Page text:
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The Canary Islands

an autonomous province of Spain

The Canary Islands are an archipelago of 13 islands in the Atlantic Ocean about 60 miles (97 kilometers) off the northwest coast of Africa. The islands' name comes from canaria, the Latin word for "dogs," and was given to them by the ancient Romans because they found large, fierce dogs living there. Canary birds were so named because they were first seen on the islands.

map of the Canary Islands

The islands have a total land area of 2,808 square miles (7,273 square kilometers). All of the islands are volcanic in origin, and some of the volcanoes are still active. The highest peak in the Canaries is 12,162-foot (3,707-meter) Pico de Tenerife, on Tenerife, the largest island in the archipelago. The volcanic soils are very fertile, and the climate is mild year-round.

Seven of the thirteen islands are inhabited, with a total population of approximately 2,117,500. The majority of the islands' inhabitants are of Spanish descent.

The Canary Islands were visited by the ancient Phoenicians, Greeks, Carthaginians, and Romans. Arab mariners reached the islands in the 12th century, and they were visited by French navigators in 1334. The islands were claimed by Portugal in 1341, but awarded to Castille (present day Spain) by Pope Clement VI in 1344. Portugal and Spain disputed "ownership" of the Canaries until 1479, when Portugal agreed to recognize Castilian control over the Canary Islands in exchange for Castille's recognition of Portuguese control over the Azores, Madeira, and Cape Verde islands. The Canary Islands have been a province of Spain since then.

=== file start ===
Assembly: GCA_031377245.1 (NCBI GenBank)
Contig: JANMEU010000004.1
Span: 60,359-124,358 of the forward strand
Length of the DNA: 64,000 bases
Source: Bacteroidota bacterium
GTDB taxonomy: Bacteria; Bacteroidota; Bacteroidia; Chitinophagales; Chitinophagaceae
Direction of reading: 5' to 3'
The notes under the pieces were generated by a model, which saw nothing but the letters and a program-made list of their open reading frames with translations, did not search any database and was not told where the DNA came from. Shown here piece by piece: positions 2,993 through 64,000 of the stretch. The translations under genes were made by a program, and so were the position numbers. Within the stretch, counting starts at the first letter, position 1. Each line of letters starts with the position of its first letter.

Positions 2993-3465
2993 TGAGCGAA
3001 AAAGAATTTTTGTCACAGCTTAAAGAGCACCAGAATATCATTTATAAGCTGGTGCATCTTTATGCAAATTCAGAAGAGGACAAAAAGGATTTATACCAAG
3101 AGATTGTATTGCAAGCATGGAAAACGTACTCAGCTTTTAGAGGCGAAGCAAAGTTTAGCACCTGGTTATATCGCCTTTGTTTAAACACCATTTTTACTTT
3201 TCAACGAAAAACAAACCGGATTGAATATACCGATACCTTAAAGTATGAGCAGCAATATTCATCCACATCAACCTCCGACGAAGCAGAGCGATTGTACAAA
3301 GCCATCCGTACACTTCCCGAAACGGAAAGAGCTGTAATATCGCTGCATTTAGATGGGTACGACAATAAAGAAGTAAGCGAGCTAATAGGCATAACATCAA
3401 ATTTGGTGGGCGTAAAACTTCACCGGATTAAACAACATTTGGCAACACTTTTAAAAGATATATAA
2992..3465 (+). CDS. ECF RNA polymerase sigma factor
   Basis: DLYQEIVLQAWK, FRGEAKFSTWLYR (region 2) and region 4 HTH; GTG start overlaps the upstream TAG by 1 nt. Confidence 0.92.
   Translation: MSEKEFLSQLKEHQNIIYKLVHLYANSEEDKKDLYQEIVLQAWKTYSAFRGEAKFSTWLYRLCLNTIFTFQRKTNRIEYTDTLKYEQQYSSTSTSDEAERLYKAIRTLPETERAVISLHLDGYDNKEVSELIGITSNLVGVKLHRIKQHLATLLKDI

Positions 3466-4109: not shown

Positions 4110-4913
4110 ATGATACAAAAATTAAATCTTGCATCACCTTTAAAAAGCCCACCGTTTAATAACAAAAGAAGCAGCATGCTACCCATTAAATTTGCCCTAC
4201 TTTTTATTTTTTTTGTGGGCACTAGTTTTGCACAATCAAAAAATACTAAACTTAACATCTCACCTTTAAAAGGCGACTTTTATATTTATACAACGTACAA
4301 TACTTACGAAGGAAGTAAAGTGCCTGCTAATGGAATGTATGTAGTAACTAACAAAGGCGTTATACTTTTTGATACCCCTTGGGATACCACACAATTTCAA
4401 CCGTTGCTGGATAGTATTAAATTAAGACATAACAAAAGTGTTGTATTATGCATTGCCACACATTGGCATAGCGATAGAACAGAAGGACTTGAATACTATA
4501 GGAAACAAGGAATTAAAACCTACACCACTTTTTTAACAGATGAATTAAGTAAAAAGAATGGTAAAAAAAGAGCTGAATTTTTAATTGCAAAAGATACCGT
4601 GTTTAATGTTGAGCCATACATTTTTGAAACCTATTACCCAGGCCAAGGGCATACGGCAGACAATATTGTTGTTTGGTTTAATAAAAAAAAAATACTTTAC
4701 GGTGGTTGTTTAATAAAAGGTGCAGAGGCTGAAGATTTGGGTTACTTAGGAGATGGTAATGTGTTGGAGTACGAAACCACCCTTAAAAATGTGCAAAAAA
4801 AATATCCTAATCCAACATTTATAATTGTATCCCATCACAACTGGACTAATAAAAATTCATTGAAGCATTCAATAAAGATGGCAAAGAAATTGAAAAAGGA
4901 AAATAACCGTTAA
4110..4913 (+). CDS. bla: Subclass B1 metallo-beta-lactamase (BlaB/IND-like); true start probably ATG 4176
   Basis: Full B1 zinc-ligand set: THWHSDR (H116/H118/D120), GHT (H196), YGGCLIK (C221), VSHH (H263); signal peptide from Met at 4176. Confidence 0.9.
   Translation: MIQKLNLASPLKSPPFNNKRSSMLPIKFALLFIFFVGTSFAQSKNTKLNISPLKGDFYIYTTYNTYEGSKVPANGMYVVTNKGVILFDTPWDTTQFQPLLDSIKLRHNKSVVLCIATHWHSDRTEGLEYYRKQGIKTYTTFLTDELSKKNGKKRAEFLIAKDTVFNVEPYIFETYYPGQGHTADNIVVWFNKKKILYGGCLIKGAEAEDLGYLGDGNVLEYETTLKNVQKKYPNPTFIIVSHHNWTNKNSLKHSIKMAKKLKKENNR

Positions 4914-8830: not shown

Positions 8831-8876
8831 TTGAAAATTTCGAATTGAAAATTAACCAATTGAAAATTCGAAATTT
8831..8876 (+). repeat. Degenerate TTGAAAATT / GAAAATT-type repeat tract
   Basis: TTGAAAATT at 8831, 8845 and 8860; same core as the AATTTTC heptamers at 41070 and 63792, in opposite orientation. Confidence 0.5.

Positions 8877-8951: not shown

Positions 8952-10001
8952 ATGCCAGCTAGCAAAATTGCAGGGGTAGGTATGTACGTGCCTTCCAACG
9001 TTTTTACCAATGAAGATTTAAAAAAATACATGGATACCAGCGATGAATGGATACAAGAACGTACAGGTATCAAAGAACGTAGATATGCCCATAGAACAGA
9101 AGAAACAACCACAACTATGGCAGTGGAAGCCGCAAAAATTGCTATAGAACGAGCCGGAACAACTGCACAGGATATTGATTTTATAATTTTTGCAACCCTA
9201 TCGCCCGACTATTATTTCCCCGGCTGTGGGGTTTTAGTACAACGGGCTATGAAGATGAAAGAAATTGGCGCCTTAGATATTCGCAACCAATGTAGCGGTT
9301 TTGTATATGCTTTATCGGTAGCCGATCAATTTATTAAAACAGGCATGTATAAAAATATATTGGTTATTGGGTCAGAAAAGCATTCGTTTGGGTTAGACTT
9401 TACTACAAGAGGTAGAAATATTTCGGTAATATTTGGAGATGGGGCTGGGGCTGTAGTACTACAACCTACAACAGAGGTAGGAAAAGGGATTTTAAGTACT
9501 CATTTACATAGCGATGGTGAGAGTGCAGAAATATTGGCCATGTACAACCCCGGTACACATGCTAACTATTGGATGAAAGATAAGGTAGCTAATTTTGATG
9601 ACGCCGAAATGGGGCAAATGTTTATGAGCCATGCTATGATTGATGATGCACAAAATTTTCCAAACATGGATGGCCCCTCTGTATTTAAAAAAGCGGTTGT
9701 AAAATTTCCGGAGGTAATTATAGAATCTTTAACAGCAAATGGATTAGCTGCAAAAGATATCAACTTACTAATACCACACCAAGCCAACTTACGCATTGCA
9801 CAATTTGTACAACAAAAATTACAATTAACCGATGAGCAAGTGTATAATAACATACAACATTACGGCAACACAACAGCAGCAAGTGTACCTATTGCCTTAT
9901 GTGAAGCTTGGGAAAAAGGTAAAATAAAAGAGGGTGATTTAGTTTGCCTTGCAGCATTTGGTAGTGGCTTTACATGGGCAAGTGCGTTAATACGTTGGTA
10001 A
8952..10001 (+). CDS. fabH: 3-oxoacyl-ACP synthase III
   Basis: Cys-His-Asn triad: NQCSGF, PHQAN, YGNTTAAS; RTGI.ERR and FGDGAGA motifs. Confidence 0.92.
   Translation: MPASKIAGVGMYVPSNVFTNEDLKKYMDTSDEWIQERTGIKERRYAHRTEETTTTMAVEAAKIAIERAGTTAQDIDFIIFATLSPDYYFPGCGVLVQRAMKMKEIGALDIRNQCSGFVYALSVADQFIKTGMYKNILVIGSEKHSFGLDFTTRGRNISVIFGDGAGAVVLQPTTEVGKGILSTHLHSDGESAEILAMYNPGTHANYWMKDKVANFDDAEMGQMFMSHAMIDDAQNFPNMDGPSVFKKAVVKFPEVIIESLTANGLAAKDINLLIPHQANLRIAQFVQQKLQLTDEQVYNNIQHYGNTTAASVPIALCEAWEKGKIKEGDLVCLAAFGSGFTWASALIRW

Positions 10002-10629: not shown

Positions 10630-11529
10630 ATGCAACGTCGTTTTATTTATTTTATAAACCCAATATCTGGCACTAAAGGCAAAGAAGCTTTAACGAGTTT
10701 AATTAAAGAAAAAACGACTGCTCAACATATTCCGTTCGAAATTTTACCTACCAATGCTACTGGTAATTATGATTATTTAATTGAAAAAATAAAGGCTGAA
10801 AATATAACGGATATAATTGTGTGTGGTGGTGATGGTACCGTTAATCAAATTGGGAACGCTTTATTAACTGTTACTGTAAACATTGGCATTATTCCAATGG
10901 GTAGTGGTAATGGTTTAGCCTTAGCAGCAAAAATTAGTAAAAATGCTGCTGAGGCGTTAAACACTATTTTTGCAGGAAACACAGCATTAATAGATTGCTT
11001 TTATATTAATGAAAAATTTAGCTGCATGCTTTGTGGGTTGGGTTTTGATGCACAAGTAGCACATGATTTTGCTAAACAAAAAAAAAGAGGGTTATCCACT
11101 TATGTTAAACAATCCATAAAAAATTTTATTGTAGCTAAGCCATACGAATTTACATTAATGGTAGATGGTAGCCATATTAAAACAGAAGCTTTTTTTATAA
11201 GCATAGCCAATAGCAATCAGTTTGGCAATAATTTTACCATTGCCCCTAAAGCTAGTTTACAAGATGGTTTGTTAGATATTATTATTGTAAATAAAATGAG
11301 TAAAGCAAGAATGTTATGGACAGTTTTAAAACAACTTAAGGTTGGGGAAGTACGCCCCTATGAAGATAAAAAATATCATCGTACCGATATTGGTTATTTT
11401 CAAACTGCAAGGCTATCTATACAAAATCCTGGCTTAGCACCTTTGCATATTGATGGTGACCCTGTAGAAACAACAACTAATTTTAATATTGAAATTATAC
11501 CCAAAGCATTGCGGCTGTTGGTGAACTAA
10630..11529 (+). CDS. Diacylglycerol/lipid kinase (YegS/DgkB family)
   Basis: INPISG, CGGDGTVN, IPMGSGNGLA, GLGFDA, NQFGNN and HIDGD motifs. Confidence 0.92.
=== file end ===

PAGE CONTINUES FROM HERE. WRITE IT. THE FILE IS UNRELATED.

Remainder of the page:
The Canary Islands were divided into two provinces in 1927 -- Santa Cruz de Tenerife includes the islands of Tenerife, La Palma, Gomera, amd Hierro, and its capital is Santa Cruz de Tenerife; Las Palmas includes Gran Canaria, Lanzarote, and Fuerteventura, and its capital is Las Palmas de Gran Canaria. The Islands as a group have 13 seats in the Spanish Senate. Of these, 11 seats are directly elected, 3 for Gran Canaria, 3 for Tenerife, 1 for each other island; 2 seats are indirectly elected by the regional Autonomous Government, which is presided over by a popularly elected President.

SEE ALSO
Portugal

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The Robinson Library >> General and Old World History >> Spain >> Regions, Provinces, Etc., A-Z

This page was last updated on May 12, 2017.